Advancing Equity in Times of Crisis
The tragic murder of George Floyd, and the activism of hundreds of thousands of peaceful protesters thereafter, represents an inflection point in our history. At ATI, such a moment calls on us to deepen our commitment to our values & acknowledge how socioeconomic and racial equity are interconnected.
Q: What are the steps individual institutions can take to build on their progress toward these goals in the coming academic year?
We can be more mindful of, and account for, the external factors that may disproportionately impact our lower-income students, beginning with mental health. These unprecedented times may take a heavier toll on our lower-income students, who are not only concerned about their own well-being, but that of their own families.
That is why we are keenly focused on supporting the continued success of initiatives such as Spider Firsts, a cohort-based initiative that pairs first-generation students with student, faculty, and staff mentors committed to helping them navigate the college process and any barriers they may encounter. We are also opening a new Well-Being Center this fall, which will help students learn that success in college is not just about achieving a rich intellectual life, but also about equipping yourself to lead a happy, purposeful, and resilient life. We all need to be empowered to find our own equilibrium when life inevitably knocks us off balance.
Finally, this support can even extend to ensuring our students receive the nutrition they need, given some of the lowest-income students may sacrifice three meals a day for cheaper food plans so that they can send money home. By providing aid packages that include required meal plans with unlimited dining access, we can help ensure that students are not choosing between feeding themselves or their families. We must also be sensitive to the reality that some of our lower-income students do not have the ability to go home during periods when campus dining is closed, such as during Thanksgiving and winter break. Creating programs that provide stipends for food during these periods help bridge students across semesters.
Q: What will it take as a field to maintain commitments to the goals we have set as an initiative to improve access and success for lower-income students?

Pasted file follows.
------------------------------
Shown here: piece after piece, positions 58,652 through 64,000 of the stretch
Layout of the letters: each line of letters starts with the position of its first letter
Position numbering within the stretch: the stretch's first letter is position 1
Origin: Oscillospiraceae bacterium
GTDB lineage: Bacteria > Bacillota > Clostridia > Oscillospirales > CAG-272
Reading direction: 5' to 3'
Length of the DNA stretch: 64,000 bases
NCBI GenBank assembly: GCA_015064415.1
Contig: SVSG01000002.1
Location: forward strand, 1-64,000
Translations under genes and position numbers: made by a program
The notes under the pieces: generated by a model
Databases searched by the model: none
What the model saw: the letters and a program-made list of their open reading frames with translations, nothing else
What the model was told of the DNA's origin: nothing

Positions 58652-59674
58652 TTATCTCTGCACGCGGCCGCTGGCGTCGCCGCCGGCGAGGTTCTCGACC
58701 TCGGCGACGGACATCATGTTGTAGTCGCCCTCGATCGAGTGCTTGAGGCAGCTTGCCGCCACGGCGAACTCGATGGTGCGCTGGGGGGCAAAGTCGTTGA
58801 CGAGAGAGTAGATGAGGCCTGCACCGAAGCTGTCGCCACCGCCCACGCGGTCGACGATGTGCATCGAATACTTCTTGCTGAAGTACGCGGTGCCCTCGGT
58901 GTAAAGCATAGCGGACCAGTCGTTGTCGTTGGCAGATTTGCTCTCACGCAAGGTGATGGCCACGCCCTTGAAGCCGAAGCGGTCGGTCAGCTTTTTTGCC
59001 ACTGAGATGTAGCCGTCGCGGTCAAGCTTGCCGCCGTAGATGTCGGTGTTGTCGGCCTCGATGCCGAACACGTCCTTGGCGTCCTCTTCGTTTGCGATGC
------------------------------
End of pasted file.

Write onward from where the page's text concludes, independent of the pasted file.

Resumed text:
We must double down on our commitments to ATI goals given that the pandemic has triggered the worst financial crisis since the Great Depression and created some of the most difficult circumstances lower-income students and their families have ever known. We can continue to build on short-term measures such as payments to students for the hours they would have worked – and to pay regular full, part-time, and limited term non-exempt employees based on their regularly scheduled hours for as long as possible.
For long-term planning, we will continue to look to our Institutional Coordinating Council (ICC), which has provided the university’s leadership with a framework to weave diversity, equity, and inclusion priorities through our decision-making process. This helps ensure we carefully consider the lived realities of our most vulnerable community members and approach this moment as an opportunity to advance equity. For context, the ICC’s framework stems from our “Making Excellence Inclusive” report, which outlines three overarching goals: representation, belonging, and capability. This third goal of fostering a skilled intercultural community in which members are capable of bridging differences is something we did not fully pursue during the Civil Rights Movement but, as this national reckoning with racism reminds us, is more important now than ever.
Q: How can institutions also use the collective platform and mission of ATI to address systemic racism?
As someone who lived through the Civil Rights Movement, with the 1968 protest in Cincinnati starting right down the street on which I lived, I have seen both a lot of progress and setbacks in the quest to build a more just and equal America. But the tragic murder of George Floyd – and the activism of hundreds of thousands of peaceful protestors thereafter – seems like an inflection point in our history. At ATI, such a moment calls on us to deepen our commitment to our values and acknowledge how socioeconomic and racial equity are interconnected.
Moreover, in each interaction I have with groups across campus, I take time to discuss the national implications of this moment and outline how we can all do more to cultivate an anti-racist community. One of our big jobs as educators is to ensure our students have the capacity to interact with each other in authentic, honest, and direct ways on a regular basis across race, class, cultural, and ideological divides. Indeed, the four years students spend on our campuses may be their last opportunity to learn how to have such conversations. If not now, when?